Madden was named to the all-conference team and was picked by the Philadelphia Eagles, but a knee injury put a stop to his pro football dreams. Instead, Madden went into teaching, first at Hancock Junior College and later at San Diego State as the defensive coordinator.
In 1967, Al Davis hired him as a linebackers coach for the Raiders, and they won the Super Bowl in his first season. At the age of 32, he took over as head coach from John Rauch following the 1968 season, starting a historic 10-year reign.
Madden was the perfect coach for the collection of misfits and castoffs that made up those Raiders teams, with his flamboyant style on the sideline and untidy appearance.
“There were instances when males were strict disciplinarians over things that didn’t matter. “I was a tyrant when it came to leaping offsides; I despised that,” Madden famously stated. “Being in poor positions and missing tackles, those kinds of things,” he says. ‘Your hair must be brushed,’ I wasn’t told.
The Raiders fought back.
Quarterback Ken Stabler once observed, “I always believed his strong suit was his manner of teaching.” “John simply had a knack for allowing us to be who we wanted to be, on and off the field….” What can you do to make up for his behavior? For him, you win.”
And they did it in a big way. For many years, the playoffs were the only issue.
In his debut season, Madden finished 12-1-1, losing the AFL championship game 17-7 to the Kansas City Chiefs. During his career, the Raiders won the division title in seven of his first eight seasons, but went 1-6 in conference championship games.
Nonetheless, Madden’s Raiders appeared in some of the most famous 1970s NFL games, contests that contributed to reform the game’s regulations. In 1978, there was the “Holy Roller,” in which Stabler fumbled forward on purpose before being sacked on the last play. The ball rolled to the end zone and was swatted down before being recovered by Dave Casper for the game-winning touchdown against the San Diego Chargers.
The most notable of these games took place in Pittsburgh during the 1972 playoffs versus the Raiders. With 22 seconds remaining, the Steelers faced fourth-and-10 from their 40 yard line, with the Raiders ahead 7-6. Terry Bradshaw’s desperate throw was deflected to Franco Harris by either the Raiders’ Jack Tatum or the Steelers’ Frenchy Fuqua, who collected it at his toes and sprinted in for a score.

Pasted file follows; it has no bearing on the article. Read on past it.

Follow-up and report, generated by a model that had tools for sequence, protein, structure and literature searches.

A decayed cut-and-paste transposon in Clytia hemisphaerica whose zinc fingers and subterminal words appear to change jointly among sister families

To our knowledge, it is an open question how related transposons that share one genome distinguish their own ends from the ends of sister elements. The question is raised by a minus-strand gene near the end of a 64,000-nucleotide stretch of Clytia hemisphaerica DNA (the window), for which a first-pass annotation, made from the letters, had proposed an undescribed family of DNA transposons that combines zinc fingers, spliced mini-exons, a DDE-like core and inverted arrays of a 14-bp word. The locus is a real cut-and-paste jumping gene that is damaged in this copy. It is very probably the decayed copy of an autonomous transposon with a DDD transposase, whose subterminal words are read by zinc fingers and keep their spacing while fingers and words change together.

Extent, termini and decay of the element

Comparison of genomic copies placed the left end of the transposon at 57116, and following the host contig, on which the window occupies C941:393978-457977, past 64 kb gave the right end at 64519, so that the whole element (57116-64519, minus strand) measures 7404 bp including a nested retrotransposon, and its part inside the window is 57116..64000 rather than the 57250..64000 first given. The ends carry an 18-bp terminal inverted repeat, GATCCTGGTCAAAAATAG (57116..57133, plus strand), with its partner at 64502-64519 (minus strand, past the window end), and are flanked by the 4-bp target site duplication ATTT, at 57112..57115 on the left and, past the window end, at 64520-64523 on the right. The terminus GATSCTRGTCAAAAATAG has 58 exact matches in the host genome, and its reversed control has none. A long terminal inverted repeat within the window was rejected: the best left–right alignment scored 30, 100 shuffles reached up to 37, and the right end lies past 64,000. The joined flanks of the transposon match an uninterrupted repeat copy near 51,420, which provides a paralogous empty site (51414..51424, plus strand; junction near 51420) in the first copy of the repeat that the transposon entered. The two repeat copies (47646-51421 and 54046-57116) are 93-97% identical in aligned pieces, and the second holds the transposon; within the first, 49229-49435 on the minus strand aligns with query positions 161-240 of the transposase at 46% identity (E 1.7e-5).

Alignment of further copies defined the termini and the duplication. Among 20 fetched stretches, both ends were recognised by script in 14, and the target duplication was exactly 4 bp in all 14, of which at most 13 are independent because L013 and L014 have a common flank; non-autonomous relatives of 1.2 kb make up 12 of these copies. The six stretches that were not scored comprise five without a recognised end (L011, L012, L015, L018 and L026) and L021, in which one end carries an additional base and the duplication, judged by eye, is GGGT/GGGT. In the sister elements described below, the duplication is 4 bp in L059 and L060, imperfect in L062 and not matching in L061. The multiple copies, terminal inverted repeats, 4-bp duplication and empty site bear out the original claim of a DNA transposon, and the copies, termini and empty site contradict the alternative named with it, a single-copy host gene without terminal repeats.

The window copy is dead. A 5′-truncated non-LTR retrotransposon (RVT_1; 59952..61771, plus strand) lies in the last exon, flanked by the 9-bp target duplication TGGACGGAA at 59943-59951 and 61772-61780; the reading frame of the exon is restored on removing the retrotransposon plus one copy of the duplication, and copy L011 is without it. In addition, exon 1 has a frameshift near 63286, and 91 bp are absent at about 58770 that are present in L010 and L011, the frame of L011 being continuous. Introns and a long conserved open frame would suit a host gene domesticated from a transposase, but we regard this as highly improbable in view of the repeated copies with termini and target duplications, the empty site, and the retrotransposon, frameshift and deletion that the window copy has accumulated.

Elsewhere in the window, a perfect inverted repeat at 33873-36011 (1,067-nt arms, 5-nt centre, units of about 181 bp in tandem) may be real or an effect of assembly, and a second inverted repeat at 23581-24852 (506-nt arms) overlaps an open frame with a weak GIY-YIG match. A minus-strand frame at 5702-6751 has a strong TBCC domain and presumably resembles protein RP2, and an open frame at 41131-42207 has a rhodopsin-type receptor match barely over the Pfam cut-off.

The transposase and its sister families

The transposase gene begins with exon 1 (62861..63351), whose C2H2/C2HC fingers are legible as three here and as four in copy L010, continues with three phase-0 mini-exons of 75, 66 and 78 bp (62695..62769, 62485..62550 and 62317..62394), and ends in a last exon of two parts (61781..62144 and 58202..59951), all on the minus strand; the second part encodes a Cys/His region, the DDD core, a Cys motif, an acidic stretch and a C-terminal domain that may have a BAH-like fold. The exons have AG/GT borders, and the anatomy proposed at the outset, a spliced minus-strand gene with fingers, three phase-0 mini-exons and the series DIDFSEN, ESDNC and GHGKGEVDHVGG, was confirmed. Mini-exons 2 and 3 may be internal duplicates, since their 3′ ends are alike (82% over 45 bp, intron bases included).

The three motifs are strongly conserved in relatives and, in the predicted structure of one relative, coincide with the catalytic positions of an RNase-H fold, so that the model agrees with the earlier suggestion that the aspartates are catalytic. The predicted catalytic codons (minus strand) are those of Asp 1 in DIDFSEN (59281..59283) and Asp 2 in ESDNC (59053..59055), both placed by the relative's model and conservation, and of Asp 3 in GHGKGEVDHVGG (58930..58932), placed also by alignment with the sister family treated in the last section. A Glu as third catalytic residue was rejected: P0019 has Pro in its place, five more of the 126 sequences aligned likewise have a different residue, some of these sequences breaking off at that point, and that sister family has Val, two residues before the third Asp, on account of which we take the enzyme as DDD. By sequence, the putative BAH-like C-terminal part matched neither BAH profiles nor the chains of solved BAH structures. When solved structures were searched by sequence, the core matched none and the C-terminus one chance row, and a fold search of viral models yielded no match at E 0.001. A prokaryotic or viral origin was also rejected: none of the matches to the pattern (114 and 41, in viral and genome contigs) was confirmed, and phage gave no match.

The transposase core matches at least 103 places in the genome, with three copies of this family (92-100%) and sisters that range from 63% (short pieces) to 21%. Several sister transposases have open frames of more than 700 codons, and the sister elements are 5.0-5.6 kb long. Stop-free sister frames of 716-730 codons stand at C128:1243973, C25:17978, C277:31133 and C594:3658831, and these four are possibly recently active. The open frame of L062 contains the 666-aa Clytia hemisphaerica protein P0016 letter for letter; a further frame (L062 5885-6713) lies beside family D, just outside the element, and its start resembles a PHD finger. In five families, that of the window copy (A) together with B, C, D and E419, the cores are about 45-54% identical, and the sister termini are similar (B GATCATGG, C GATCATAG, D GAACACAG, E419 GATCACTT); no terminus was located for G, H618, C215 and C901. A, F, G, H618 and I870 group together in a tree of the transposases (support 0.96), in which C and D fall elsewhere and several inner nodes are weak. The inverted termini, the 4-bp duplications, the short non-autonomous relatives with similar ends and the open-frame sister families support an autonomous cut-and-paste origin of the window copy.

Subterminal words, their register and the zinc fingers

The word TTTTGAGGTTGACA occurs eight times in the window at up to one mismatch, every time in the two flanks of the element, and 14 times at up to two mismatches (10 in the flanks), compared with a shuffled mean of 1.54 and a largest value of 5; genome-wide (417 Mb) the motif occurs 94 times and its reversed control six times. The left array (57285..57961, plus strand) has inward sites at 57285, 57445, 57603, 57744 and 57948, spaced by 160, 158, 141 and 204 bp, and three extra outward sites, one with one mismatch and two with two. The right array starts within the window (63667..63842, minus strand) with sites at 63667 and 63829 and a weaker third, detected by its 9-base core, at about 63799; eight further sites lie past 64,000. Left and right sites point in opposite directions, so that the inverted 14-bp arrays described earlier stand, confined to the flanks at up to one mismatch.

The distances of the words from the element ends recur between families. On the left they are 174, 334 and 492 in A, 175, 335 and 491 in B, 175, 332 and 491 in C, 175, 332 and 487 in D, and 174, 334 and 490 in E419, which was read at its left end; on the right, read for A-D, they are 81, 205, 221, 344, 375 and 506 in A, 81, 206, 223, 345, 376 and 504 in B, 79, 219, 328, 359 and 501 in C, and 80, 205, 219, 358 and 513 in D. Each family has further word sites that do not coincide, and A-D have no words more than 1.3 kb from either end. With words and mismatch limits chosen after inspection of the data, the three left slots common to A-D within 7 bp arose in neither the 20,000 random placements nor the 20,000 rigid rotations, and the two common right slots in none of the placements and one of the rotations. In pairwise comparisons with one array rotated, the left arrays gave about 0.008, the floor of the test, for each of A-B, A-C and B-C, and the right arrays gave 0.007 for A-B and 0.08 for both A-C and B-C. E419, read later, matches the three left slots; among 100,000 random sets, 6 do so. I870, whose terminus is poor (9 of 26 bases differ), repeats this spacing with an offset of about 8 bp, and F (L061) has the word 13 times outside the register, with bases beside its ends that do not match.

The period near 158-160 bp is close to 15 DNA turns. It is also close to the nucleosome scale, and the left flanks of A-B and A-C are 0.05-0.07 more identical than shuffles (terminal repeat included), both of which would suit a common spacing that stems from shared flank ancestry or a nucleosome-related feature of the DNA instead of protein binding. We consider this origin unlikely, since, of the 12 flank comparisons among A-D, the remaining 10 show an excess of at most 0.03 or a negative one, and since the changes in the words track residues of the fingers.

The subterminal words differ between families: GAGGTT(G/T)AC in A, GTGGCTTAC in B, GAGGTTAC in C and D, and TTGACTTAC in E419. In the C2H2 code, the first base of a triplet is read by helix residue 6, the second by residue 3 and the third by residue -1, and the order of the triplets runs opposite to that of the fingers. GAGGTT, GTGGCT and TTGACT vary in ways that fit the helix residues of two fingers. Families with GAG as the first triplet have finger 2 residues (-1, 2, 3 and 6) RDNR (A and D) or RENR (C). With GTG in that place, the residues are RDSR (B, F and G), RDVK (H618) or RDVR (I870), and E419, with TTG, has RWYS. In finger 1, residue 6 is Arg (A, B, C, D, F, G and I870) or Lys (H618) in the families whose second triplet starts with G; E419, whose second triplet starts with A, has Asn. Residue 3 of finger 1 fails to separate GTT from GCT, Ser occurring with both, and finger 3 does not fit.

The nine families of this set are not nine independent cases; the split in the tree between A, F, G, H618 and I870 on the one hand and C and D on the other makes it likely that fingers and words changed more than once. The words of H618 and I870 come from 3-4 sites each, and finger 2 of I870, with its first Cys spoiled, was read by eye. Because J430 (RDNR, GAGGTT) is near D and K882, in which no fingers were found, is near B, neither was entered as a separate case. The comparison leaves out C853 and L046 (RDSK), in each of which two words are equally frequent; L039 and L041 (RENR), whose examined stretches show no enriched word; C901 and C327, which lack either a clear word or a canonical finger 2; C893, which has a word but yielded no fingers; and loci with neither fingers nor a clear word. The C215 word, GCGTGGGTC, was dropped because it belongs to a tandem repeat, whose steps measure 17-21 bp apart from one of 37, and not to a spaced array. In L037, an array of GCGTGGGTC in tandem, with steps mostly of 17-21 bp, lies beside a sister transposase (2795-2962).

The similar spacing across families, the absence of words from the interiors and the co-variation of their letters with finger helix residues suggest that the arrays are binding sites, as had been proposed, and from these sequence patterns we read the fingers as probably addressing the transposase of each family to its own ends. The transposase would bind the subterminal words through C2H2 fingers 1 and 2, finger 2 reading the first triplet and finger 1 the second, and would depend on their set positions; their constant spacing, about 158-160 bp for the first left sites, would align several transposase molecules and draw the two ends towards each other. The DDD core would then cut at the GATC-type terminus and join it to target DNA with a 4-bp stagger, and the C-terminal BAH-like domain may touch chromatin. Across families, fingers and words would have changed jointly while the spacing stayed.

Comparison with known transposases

A throw that rebounded off an offensive player straight to a teammate was prohibited back then, and the controversy about who it struck continues to this day. The catch was nicknamed the “Immaculate Reception,” of course.
In 1976, the Raiders broke through with a loaded team that included Stabler at quarterback, Fred Biletnikoff and Cliff Branch at receiver, tight end Dave Casper, Hall of Fame offensive linemen Gene Upshaw and Art Shell, and a defense that included Willie Brown, Ted Hendricks, Tatum, John Matuszak, Otis Sistrunk, and George Atkinson.
The Raiders finished 13-1, with the exception of a blowout loss to the Patriots in Week 4. They repaid the Patriots with a 24-21 triumph in their first playoff game and a 24-7 win over the Steelers, who were devastated by injuries, in the AFC championship game.
With a 32-14 Super Bowl victory against the Minnesota Vikings, the Raiders took it all.
Shell said, “Players liked playing for him.” “He made it enjoyable for us both in camp and during the regular season.” All he asked was that we arrive on time and play as hard as we could when it came time to play.”
When the Raiders lost in the AFC championship game the following season, Madden was diagnosed with an ulcer. After a 9-7 season in 1978, he resigned as a coach at the age of 42.
His wife, Virginia, and two sons, Joseph and Michael, are among the survivors. Two days before his death, John and Virginia Madden celebrated their 62nd wedding anniversary.